Anderson—who's become even more of an actors' director in his last few films than he was already—is at the peak of his powers here, ironically but appropriately directing "Vice" in such a way that phrases like "peak of his powers" (and other language connoting masculine swagger or preening mastery) seem contrary to the spirit of the thing. "Vice" impresses by seeming uninterested in impressing us. Anderson shoots moments as plainly as possible, staging whole scenes in unobtrusive long takes or tight closeups, letting faces, voices and subtle lighting touches do work that fifteen years ago he might've tried to accomplish with a virtuoso tracking shot that ended with the camera tilting or whirling or diving into a swimming pool. There's a long, teasing, frankly sexual scene that plays out for five or six minutes without a cut. There are entire scenes where one character walks into a room and starts talking to another character and the rest of the scene plays out alternating shots of the actors' faces (which seem to eschew makeup and draw attention to actors' freckles and moles and other "blemishes") and in cinematographer Robert Elswit's creamy '70s-style lighting. There's so much going on in those shots that you might not mind spending another ten minutes with those people, or an hour, or going for another drive with that dentist I mentioned earlier, whatever his name is.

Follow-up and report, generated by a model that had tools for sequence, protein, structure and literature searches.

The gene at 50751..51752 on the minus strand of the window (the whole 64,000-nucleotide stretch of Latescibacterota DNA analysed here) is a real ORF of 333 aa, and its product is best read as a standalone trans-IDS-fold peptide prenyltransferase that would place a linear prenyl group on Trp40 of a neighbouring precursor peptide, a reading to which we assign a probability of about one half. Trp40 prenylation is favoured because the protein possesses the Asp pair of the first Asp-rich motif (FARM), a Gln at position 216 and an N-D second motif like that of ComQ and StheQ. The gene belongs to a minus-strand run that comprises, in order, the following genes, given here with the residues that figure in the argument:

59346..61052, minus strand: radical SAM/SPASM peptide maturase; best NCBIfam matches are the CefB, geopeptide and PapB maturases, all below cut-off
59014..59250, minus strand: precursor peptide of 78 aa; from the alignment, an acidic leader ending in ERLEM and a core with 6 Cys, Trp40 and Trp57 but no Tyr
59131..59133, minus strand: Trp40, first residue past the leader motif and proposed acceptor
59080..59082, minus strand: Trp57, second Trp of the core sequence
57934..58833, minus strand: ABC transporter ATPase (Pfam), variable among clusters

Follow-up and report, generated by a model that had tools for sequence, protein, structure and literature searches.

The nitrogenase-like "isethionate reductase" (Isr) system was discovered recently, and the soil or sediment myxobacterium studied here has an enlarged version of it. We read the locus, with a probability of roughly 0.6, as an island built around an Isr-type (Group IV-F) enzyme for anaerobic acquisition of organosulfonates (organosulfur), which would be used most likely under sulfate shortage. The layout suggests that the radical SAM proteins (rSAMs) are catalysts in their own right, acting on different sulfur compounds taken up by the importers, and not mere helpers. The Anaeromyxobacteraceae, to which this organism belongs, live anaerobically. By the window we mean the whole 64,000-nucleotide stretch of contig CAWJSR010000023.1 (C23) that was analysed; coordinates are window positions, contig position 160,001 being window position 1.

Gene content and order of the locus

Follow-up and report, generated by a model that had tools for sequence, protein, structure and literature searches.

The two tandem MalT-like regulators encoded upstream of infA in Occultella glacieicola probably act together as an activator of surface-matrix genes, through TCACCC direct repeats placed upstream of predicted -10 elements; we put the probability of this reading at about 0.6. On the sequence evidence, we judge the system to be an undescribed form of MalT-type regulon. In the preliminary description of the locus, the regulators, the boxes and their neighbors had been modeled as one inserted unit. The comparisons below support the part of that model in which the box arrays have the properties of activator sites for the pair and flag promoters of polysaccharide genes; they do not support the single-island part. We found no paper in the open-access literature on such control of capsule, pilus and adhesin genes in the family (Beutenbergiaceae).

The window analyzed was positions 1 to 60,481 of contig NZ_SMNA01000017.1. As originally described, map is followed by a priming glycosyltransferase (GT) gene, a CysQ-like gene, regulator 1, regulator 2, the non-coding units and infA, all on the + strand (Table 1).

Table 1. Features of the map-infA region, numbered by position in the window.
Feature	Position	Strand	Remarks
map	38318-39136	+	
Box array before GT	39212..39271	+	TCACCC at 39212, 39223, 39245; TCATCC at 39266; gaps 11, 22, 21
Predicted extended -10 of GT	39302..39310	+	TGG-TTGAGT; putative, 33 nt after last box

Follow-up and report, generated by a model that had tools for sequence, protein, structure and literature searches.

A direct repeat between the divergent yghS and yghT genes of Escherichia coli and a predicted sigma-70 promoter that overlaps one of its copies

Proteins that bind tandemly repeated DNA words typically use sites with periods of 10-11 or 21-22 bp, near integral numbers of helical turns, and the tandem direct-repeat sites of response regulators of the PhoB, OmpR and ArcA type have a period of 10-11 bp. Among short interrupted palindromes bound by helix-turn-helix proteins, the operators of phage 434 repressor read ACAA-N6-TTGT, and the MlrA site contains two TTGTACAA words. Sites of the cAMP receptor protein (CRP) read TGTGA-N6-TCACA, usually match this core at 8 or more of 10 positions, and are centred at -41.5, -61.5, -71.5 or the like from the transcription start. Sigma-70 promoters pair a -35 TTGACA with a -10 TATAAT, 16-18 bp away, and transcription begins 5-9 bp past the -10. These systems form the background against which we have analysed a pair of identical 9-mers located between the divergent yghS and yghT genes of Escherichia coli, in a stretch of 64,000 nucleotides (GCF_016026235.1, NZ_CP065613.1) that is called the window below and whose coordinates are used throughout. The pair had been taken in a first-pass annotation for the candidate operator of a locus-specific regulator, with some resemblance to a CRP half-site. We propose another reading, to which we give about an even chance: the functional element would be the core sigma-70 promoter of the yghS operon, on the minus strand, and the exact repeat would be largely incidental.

Anderson's second and third features, "Boogie Nights" and "Magnolia," got compared to Robert Altman, but this one is way more Altman-y, if that's a word. It seems to be unfolding, as per a line in the novel and the script, on "Uranus, the planet of rude surprises." At times Anderson's script seems to have taken its cue from that film buff-beloved anecdote about the time Howard Hawks called Raymond Chandler while adapting Chandler's novel "The Big Sleep" to say that neither he nor any of the screenwriters could figure out who killed the Sternwoods' chauffeur, only to have Chandler admit that he didn't know, either. The Coen brothers obliquely allude to this anecdote near the end of their gangster picture "Miller's Crossing," when the hero asks the scheming accountant Bernie Birnbaum (John Turturro) who killed a third character, and Bernie replies "That was a mistake" but does not elaborate.